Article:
The Canoe Story

Many moons ago, back in the days when there were such things as “summer breaks,” I went canoeing with my friends Trevor and Chris on a tiny river in Virginia.

When I say “tiny,” I mean tiny. It was but a stone’s throw from one side to the other (distance in backwoods Virginia is measured in stone’s throws), and the water rose no higher than our knees.

Us being strapping young men in need of a summer tan, we stripped off our shirts, grabbed the two life vests Chris had in his truck, and boarded the canoe. Then we proceeded to have a rather pleasant ride up river, figuring we’d relax on the way back.

It was a beautiful day–blue skies, clear water, very little current. The only disturbance was a flatbed party boat that jetted by us, the Backstreet Boys thumping through the speakers. After an hour of light paddling, we started drifting back to where we had left the truck.

We were but 100 yards (2.7 stone’s throws) from the parking lot when we heard, of all sounds, a siren. We turned around to see a river police boat sidling up next to us. At first I figured the creek ranger or whatever they’re called was going to ask us for intel about the party boat, but instead he asked us to hold up all of the life vests we had in the canoe.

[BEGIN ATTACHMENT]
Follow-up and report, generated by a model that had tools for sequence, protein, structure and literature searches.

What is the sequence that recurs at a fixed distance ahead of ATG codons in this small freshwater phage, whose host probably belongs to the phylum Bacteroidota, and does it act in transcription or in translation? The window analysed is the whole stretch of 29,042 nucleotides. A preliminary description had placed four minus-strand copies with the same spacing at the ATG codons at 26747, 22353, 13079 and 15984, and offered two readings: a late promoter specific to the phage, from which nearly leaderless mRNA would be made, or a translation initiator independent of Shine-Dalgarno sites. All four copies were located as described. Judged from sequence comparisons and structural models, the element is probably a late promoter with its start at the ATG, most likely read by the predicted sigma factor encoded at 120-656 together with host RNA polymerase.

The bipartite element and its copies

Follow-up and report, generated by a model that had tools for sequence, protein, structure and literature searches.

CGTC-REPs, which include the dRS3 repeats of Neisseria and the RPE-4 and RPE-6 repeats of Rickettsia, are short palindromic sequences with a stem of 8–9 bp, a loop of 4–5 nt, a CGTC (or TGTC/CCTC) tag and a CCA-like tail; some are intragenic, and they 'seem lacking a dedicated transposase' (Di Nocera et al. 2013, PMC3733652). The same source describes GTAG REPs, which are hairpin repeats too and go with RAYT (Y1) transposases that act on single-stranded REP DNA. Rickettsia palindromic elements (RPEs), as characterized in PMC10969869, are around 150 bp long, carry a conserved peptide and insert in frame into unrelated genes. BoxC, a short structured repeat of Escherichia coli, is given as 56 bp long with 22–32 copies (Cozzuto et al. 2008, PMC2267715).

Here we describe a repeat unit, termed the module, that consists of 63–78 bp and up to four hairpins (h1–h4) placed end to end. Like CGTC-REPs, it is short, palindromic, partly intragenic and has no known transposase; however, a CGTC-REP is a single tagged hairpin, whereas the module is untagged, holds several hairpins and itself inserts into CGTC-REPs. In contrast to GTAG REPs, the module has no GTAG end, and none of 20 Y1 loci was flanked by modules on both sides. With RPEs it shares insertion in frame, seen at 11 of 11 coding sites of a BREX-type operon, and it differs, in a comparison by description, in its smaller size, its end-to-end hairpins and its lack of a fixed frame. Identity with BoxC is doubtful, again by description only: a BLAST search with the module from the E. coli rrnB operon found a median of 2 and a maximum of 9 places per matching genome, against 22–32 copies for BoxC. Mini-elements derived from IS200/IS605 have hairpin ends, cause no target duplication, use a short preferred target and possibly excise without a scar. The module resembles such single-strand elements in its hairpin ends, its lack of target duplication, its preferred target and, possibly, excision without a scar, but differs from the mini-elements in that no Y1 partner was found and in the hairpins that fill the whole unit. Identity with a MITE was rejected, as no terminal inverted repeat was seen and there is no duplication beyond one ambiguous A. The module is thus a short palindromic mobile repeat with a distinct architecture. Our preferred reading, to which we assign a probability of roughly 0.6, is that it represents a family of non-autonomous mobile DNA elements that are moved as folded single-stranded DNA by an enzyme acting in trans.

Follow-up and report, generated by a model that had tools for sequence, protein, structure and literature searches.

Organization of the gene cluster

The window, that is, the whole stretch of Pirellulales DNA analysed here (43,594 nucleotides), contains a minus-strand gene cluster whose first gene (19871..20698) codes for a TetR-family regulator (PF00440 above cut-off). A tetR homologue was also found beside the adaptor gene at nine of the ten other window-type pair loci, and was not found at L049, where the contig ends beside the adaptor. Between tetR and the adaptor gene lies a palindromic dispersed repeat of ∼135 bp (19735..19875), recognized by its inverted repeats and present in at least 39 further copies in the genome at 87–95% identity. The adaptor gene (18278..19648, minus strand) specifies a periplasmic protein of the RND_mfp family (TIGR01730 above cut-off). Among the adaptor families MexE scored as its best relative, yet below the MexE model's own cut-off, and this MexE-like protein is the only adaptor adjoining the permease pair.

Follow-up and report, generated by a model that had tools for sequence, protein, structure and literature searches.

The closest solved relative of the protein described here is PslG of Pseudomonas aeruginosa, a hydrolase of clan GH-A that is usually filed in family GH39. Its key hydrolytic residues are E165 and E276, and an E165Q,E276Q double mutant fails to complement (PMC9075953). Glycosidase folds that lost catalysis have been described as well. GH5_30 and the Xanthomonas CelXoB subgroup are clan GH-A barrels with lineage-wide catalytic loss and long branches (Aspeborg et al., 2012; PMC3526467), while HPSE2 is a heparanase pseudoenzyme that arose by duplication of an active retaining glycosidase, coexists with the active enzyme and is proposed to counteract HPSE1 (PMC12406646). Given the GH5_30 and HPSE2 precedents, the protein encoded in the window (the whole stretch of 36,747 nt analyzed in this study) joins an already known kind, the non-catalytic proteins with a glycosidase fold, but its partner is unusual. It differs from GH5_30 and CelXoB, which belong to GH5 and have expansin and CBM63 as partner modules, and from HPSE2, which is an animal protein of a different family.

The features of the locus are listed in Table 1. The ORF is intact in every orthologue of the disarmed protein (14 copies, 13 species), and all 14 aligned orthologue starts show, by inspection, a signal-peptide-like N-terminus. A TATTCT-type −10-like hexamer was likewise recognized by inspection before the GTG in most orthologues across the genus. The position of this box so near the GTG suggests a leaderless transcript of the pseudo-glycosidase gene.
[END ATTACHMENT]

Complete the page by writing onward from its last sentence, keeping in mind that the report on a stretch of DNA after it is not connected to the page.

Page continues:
It was then that we realized that we were in a bit of trouble, because river law states that you need to have as many life vests in the boat as there are people. You don’t have to wear them, of course. River law is built around getting women to wear bikinis on party boats, and life vests would get in the way of the goods. But you have to have them in the boat.

We were told to stay in the boat (where else were we going to go? Were we going to make a run for it?) as the stream sheriff wrote us a $70 ticket.

We drifted the remaining 100 yards under the sheriff’s supervision, stepped out of canoe, and drove home. Our wallets were a little lighter, but at least we’ll always have the canoe story to tell.